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-   -   dvcam selection on mini dv (https://www.dvinfo.net/forum/sony-vx2100-pd170-pdx10-companion/29697-dvcam-selection-mini-dv.html)

Michael Bendixen July 27th, 2004 04:51 PM

dvcam selection on mini dv
 
My journalism professor told us when shooting with a PD-150/170 that even though shooting in mini dv you should select DVCAM in the camera menu regardless if you're using dvcam tapes or not. He said this would record with more quality. Is there any sense to this, or does this just waste tape?

Thanks

Don Bloom July 27th, 2004 06:50 PM

This is a subject that has been covered alot here before so a search would bring up quite a lot of info however the long and short of it is both formats record 1's & 0's, DVCAM records them faster to the tape and SOME folks feel it lessens the chance of dropouts.
I DO however use only one brand and type of tape in both of those cameras and have over 700 hours on each of them and to my knowledge have never had a dropout.

As for quality, when I got the cameras I tried both DVCAM and DV and did not see any appreciable difference in quality. What I did see was a 60 minute DV tape recorded in DVCAM only ran for 40 minutes.

For more info search thru this part of the forum for DVCAM and I'll bet you come up with enough reading material and statisics to blow your profs mind.

Don B

Michael Bendixen July 27th, 2004 07:11 PM

Don, Thanks for the reply.

I have done quite an extensive search on this subject, but I think you're are misunderstanding my question. I have read that DVCAM tapes record at a faster rate than mini-dv tapes. But my question is my prof said when I use mini dv tapes, not DVCAM tapes and set the camera menu to DVCAM recording mode, that you record at a better rate. Unfortunately when you do this you cannot record as long on your mini dv tape as you normally would. Any comment on this question?

Thanks

Patrick King July 27th, 2004 07:40 PM

Don got it right. You're misunderstanding the answer. Quality does not change whether you record DV on DVCAM tapes, DV on DV tapes, DVCAM on DV tapes or DVCAM on DVCAM tapes. The only difference is the reliability of recording exactly the same sequence of zeros and ones. Quality wise, its either a zero or a one, there is no one-half or three-quarters with digital video.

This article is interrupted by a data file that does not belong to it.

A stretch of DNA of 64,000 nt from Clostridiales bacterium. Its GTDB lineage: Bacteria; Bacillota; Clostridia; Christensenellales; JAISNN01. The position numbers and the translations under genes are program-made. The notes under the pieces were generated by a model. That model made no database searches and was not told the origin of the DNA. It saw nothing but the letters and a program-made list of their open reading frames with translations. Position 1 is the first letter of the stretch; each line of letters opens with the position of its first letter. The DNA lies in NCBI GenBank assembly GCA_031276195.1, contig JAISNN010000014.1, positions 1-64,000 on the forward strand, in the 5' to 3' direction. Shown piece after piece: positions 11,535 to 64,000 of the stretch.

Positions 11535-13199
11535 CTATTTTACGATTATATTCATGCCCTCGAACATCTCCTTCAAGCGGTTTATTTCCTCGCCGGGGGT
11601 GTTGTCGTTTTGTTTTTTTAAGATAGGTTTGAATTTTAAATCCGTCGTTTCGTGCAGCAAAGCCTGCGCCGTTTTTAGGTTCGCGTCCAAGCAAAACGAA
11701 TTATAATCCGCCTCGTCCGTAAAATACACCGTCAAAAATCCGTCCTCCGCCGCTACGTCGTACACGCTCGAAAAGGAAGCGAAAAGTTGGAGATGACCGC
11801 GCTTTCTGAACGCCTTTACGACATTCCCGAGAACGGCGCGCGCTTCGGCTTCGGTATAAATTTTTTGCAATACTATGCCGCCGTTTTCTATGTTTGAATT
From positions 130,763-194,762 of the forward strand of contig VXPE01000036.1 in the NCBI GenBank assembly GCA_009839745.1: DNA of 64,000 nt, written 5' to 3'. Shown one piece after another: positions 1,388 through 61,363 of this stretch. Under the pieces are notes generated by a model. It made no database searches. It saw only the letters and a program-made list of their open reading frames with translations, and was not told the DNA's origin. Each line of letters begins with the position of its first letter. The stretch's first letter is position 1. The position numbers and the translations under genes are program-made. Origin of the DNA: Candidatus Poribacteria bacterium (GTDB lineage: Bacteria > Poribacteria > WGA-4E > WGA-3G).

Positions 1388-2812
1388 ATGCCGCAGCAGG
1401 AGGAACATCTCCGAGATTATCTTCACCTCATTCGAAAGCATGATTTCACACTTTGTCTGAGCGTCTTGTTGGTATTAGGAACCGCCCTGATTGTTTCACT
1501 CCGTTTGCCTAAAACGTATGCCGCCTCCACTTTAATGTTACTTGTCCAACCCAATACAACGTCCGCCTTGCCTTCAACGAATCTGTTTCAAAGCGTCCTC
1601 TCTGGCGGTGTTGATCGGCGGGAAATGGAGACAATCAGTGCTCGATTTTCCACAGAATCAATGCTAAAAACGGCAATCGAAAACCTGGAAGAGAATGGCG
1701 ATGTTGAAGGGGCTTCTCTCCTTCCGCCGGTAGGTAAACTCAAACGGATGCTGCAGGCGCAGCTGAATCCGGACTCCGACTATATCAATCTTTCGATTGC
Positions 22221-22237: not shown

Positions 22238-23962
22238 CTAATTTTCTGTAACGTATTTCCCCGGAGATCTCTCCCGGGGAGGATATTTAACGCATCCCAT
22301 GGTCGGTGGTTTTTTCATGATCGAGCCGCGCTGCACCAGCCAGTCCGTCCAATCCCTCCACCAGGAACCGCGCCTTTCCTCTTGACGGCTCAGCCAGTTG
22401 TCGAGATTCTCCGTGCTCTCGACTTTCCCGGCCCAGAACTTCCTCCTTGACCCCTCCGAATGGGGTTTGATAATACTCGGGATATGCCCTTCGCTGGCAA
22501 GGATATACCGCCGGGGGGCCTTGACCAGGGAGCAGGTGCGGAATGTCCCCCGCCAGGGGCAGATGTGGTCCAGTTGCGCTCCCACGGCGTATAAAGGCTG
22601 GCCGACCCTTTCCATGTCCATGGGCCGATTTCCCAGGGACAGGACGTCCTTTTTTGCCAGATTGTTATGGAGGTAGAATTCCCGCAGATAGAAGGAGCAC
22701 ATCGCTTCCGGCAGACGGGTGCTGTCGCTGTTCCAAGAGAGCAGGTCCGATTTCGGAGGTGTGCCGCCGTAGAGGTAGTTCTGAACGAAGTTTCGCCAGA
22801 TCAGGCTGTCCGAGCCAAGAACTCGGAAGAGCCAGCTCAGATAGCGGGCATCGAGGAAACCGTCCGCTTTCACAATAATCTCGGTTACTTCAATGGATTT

Michael Bendixen July 27th, 2004 08:02 PM

Patrick,

You and Don are right, I misinterpreted his 2nd paragraph. So basically I'm figuring that if I'm using mini dv tapes, I shouldn't record in DVCAM mode because it's just a waste of tape, and my professor should bite it.

Thanks for your help,

Michael

Patrick King July 27th, 2004 09:00 PM

Conventional wisdom is that if its really, REALLY important...shoot DVCAM. It just might lessen the impact of a drop-out. Otherwise, its a 33% tax on your taperun time, well above the marginal tax rate.

Martin Mayer July 28th, 2004 04:07 AM

And also a 50% increase in the frequency of tape changeovers (and tape storage space needed) which can be inconvenient.

Michael Bendixen July 28th, 2004 11:05 AM

Patrick,

Just to double check what you mean, when you say shoot DVCAM you're meaning shoot in DVCAM mode on a miniDV not on an actual DVCAM tape. That was my original question.

Thanks

Patrick King July 28th, 2004 11:41 AM

Correct. DVCAM mode on MiniDV tape.

Steve McDonald July 29th, 2004 07:25 AM

Someone said that DVCAM records faster to tape than DV. That's not it. The DVCAM head speed is the same, but since the tape is slipping by 50% faster, the track pitch is 15 microns wide, compared to 10 microns for DV, at SP. This means there's a wider buffer zone in between the magnetized tracking sweeps of the heads. In some types of advanced editing, such as stop-action animation-----if you'd even be doing much of that with DVCAM, there is less chance of crossover between tracks. If you play back a DVCAM recording on another machine and there isn't perfect tracking alignment between them, there's less chance of track crossover. There's other features like a slow-motion playback that may also work better.

But, in actual practice, few people have had problems with DV recordings that would have been prevented by using DVCAM.
Arguably, DVCAM tapes may be higher quality, both in their base and magnetic layers. They might phyically last longer and have better signal retention. You can get a full-size DVCAM cassette for larger camcorders and VCRs that has 3 hours recording time. This will give you 4 1/2 hours in DV at SP and 6 3/4 hours in LP (if the VCR will do DV LP). If I add a DVCAM VCR to my gear that uses full-size cassettes, I would use it frequently in DV mode for the 4 1/2 hour SP capability on the best quality tape (they're not cheap).

Steve McDonald


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